Paper Title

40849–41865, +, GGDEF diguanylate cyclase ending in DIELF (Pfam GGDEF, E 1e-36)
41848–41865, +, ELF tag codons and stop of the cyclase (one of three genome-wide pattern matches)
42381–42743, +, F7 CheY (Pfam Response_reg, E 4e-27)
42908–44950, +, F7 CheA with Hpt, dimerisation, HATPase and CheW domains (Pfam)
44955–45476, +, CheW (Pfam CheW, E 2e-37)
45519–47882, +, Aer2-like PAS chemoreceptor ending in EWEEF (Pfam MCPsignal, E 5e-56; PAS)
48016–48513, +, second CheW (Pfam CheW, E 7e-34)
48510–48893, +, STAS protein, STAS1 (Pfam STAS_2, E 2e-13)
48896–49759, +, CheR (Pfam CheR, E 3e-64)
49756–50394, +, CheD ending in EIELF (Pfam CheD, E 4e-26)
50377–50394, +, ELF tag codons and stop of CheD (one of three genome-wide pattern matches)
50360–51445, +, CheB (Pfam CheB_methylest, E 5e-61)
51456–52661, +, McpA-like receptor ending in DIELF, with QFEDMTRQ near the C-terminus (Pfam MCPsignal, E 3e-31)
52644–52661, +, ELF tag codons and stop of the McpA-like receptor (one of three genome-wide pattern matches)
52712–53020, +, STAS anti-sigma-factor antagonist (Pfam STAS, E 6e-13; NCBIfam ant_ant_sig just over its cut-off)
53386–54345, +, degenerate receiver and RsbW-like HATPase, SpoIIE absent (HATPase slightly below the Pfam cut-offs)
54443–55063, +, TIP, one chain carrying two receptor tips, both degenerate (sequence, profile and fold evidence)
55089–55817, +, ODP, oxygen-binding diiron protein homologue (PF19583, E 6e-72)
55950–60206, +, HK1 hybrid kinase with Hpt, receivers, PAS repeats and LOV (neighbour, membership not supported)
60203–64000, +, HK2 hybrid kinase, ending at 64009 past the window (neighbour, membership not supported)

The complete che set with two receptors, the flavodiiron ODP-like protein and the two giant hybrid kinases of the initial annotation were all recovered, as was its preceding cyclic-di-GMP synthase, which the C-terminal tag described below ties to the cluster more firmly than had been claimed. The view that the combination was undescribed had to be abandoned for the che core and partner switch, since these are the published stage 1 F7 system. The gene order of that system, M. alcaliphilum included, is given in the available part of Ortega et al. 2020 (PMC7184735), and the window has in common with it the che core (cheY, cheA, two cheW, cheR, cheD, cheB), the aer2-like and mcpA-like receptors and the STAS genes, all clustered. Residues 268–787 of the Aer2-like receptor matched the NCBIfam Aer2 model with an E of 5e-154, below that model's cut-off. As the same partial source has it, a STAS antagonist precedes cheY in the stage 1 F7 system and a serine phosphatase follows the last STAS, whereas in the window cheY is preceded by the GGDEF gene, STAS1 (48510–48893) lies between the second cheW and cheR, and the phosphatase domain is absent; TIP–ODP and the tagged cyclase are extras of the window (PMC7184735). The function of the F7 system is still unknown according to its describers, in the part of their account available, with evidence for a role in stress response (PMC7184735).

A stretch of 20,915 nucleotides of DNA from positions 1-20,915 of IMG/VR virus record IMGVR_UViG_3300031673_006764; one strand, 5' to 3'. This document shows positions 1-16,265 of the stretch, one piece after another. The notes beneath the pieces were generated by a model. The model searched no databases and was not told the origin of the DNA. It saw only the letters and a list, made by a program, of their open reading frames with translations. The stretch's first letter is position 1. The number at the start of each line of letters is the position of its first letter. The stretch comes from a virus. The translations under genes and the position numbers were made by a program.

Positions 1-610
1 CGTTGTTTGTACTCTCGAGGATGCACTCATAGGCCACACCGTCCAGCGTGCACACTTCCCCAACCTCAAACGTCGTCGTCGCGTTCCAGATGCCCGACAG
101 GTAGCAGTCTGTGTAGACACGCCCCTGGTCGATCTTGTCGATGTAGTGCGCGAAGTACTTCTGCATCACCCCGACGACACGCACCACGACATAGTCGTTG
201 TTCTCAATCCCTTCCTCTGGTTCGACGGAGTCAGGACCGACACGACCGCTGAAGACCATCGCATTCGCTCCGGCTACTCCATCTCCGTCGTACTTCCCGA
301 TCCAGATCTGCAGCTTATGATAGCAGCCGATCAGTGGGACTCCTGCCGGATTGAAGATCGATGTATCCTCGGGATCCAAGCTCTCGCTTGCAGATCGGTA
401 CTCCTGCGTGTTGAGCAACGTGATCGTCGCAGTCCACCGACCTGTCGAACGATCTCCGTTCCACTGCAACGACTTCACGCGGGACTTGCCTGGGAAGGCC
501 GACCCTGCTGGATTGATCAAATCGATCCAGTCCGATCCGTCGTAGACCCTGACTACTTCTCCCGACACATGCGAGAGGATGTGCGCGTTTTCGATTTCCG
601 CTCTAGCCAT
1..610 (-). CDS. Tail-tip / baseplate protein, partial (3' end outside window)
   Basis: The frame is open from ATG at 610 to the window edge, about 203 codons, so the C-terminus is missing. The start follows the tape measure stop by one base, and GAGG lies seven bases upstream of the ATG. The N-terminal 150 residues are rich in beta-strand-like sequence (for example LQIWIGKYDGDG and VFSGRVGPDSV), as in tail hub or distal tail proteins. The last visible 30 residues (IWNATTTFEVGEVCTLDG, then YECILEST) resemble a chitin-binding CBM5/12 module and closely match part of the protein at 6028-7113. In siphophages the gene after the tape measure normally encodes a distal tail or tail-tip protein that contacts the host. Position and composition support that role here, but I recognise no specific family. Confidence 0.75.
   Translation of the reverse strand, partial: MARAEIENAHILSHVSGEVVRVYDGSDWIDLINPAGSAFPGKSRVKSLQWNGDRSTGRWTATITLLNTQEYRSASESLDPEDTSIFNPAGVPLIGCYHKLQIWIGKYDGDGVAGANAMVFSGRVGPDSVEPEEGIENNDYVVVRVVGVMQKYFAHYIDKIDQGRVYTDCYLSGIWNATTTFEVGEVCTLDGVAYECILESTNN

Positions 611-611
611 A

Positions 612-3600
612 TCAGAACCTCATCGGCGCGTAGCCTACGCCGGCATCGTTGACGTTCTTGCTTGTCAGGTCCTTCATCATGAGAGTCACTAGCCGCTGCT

Abstract - Sudan, being one of the largest countries in Africa, has a unique historical experience that sets it apart from most of the continent's nations. Unlike other African nations that were under the direct control of British, French, or German colonial powers, Sudan was administered by a joint British- Egyptian colonial regime, which has influenced its public administration structure. However, Sudan's political history has also been characterized by a series of events that culminated in the rise of Al Bashir and the administrative structure of the country. The paper argues that while Sudan has made some progress in its public administrative reform process, there is still a long way to go. The reform initiatives have faced several challenges, including inadequate financial resources, limited capacity, and resistance to change. The paper, therefore, calls for continued commitment to the reform process, with a focus on strengthening the decentralization of power and decision-making, and human resource management. This paper seeks to examine the reform process of Sudan public administration from 1989 to 2019; it looks at reforms that targeted the central-local government as well as institutions and the constitution. The research explains the effect and the result of the administrative reforms movement and struggles in Sudan. Moreover, the nature of the political practice is the one that directly affects the nature of the relationship between the levels of government. Also, the research provides a future perspective for the public administration system, and how Sudan should be governed. Keywords - Sudan Native Administration, Local Government, Central Government, Decentralization.